I’d likely recommend this book for adults and teens who like Celtic/Gaelic fiction and enjoy a good battle scene. For some reason it feels to me like a teenage book, but the descriptions of violence make me suggest it is for older teens. I guess there is not as much depth as I expect for a purely adult book, although it is certainly thick enough to be one at almost 800 pages.
4.5 stars from me (from Goodreads) and I can’t wait to read the second novel in this series. Earlier reviews have complained of typos in the kindle copy, the majority of those have been ironed out in my beautiful hard copy with creamy pages.
The author, Liam O’Shiel, talking about Eirelan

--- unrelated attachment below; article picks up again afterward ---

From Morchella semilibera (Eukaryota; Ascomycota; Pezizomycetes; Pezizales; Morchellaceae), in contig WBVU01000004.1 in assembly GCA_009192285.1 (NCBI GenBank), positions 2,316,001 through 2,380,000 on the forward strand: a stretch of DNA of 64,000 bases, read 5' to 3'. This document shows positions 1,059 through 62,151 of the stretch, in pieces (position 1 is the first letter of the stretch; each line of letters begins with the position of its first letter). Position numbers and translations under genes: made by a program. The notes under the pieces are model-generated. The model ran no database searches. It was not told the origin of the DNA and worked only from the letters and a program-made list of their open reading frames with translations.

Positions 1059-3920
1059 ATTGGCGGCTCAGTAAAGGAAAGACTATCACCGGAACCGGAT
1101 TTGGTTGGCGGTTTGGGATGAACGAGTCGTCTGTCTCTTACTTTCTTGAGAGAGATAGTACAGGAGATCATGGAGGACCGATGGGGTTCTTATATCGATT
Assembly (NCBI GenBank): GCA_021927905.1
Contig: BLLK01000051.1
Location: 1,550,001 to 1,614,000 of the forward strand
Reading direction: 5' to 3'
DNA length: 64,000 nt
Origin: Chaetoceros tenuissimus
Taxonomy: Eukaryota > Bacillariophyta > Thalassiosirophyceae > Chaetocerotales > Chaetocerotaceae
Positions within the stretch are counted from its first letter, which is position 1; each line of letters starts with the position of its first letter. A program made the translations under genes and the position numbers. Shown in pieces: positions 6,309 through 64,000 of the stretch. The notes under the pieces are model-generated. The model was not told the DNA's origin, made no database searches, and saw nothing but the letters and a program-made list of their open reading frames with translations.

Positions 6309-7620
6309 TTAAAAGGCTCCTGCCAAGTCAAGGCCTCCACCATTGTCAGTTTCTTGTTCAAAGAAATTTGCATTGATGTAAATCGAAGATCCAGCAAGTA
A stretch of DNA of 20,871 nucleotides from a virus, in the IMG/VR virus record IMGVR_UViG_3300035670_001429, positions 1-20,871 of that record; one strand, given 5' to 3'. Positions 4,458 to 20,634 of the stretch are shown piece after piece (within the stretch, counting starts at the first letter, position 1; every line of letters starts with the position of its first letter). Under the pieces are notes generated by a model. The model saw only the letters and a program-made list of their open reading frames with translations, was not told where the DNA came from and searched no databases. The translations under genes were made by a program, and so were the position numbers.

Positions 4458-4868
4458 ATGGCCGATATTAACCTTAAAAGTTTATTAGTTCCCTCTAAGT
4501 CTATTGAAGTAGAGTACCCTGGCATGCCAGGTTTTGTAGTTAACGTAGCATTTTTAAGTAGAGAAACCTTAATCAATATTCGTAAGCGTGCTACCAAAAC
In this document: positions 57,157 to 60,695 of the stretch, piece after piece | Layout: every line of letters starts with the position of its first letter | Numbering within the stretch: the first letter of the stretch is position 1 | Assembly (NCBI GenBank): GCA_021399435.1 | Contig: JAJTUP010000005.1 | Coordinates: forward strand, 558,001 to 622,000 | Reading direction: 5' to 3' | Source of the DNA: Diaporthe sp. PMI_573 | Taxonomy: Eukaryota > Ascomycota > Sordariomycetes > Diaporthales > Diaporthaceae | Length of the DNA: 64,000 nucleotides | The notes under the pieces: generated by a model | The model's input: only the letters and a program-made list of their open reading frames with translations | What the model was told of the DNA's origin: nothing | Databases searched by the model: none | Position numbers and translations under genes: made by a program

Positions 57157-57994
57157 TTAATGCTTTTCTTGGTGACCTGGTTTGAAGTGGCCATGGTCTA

Six months of writing a doctoral dissertation left me desperate to write something for fun. I’d written science fiction on and off for many years and so got started on a science fiction novel set in the future. Then something unusual happened: the story evolved to one set in the chronological future . . . but in the technological past. Not a “nuclear holocaust” tale, but rather a story much further into the future, at a time when nuclear weapons and nearly all the high technology of our own time has faded away. Global warming has given way to the Earth’s natural cooling cycle: an Ice Age approaches in Europe. In the British Isles and Brittany, Gaelic-speaking cultures have survived and even thrived for nearly 1,000 years and now are faced with destruction. Cold brings want, want breeds desperation, desperation spawns violence. The people at the center of “Eirelan” are struggling to survive, yes, but why? Not just to stay alive themselves. They seek to preserve for their children and grandchildren a world of music, poetry, art, craft, and spiritual values, in a word, their heritage passed down through the centuries. Conor and Mairin and Feth and Sean and all the rest, while very different as individuals, yearn for a time of peace and security for those who will come after them. “Eirelan” is their story and to be truthful, it feels as if they told their story to me and I wrote it down. I live part-time in their world, more threatening in some ways than ours, yet more rewarding in some ways too. If you enter their world, I hope you will find it welcoming and exciting. I am continuing to write this saga, whose ending I do not yet know.